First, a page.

The O-Levels are without doubt one of the biggest challenges that students in Singapore would face. After all, their O-Level results would determine which junior college or polytechnic they would go to, and which courses they would qualify for. Naturally, this translates into a fair bit of anxiety for both the student and their parents in the lead up to the big examinations.
With about half a year to go to the O-Levels, many students are ramping up their study and revision processes. If you haven’t already begun your O-Level preparations, don’t panic; there’s still time for you to do so!
Here’s a few bits of advice to help you get started.
#1: Set your study targets
The first thing to do is to go through your study objectives for each subject. Have you met them? Are there any subjects that you are having trouble with? And if so, why?
It’s alright to be slightly derailed, to not to meet all of your targets all of the time, or to fall behind slightly on certain topics – sometimes you may need more time than expected. However, if this begins to be a consistent pattern, this means that you need to relook your plans, and perhaps seek out extra help (from your teachers, or tuition teachers) in order to get back on track.
If you have not set your study targets yet, this is the time to do so. You may wish to set your targets in line with your school’s schedule, so that you are always on top of your studies. However, you would also need to ensure that you are able to fit in previous topics that have already been covered in school as well, for revision.
Additionally, as most schools would have finished the O-Level syllabus by June, you may wish to relook your study plan again to ensure that you have set aside sufficient time to cover all the necessary topics for all your different subjects, and to make a plan to catch up on any topics that you may be weaker in.
#2: Create 'cheat sheets' for yourself
Studies have shown that writing things down can help in information retrieval later on. By creating “cheat sheets”, you can kill two birds with one stone by also creating a guide that you can refer to at a later stage of your revision.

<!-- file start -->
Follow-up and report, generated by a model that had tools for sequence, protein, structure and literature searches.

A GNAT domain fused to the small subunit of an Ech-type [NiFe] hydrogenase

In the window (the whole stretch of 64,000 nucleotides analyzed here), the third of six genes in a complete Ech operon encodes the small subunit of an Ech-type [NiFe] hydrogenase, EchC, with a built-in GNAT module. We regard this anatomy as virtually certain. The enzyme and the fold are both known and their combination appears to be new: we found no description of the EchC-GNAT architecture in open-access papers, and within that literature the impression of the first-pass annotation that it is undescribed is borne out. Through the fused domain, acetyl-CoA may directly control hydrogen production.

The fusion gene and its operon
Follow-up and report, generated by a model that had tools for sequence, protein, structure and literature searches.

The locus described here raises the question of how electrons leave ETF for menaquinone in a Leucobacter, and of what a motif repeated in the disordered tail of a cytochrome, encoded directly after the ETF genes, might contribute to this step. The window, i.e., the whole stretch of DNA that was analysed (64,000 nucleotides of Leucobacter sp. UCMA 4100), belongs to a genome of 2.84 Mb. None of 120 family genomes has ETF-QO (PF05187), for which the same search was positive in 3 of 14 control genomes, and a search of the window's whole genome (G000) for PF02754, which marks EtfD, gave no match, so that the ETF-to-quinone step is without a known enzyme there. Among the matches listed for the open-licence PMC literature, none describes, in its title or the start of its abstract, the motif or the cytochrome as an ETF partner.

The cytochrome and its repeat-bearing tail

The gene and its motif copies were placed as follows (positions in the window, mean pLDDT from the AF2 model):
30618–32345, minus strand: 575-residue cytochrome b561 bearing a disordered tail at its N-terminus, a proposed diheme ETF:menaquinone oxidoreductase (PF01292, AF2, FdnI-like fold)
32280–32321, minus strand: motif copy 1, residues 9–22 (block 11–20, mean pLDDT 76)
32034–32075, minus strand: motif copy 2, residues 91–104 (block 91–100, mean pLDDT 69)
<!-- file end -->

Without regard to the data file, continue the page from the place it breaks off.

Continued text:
Take a chapter, or a topic from one of your subjects. Take some paper and pens (feel free to colour code your notes if you prefer), and write down all the important information from that chapter; formulas, key definitions, key concepts, for example. Be as concise as possible – there is no need to copy everything out!
You will find that these “cheat sheets” will help you immensely later on when you are revising for your examinations.
#3: Plan a study routine that works for you
You know what they say: if you fail to plan, you plan to fail. This is why planning a routine that works for you is important.
Every person is unique, and may function differently. Some of you may find it easier to sleep very early after dinner, only to wake up very early before dawn, to study and to do your revision, as you find you are able to focus better then. Or some of you may find it preferable to work on revision right after school, as you may feel that you retain information better that way. This is also dependent on anything else that may have demands on your schedule – enrichment classes, or your co-curricular activities, for example.
Find and plan for a dedicated slot of time every day for you to do your homework or to do your revision, and stick to it as far as possible. Of course, do also remember to set aside time to spend with your family – this could be as simple as ensuring that you sit down with your family every day for lunch – and also leisure time. It’s not healthy to spend every waking moment studying, so be sure to take care of yourself by unwinding once in a while!
#4: Ensure that you get a good night’s sleep
Most importantly, set aside a sufficient amount of time to sleep. You should be getting around eight hours of sleep every night. It may be tempting to burn the midnight oil to study, and that may be all right on occasion, but if you consistently do not get enough sleep, your body will protest, and you may find that you find it harder to concentrate, to retain information, or to get things done.
Practise good sleep hygiene, which means keeping to good habits that ensure a stable and peaceful sleeping environment. Have a “sleep routine” – perhaps drink a glass of warm milk before bedtime, turn off your devices one hour before sleeping, ensure that your room is neither too hot nor too cold by adjusting the fan settings, or the aircon temperature, and that you have blackout curtains that keep the light out of your room when you want to sleep.
With these tips, you’re now on your way to start preparing for your O-Levels. Good luck!
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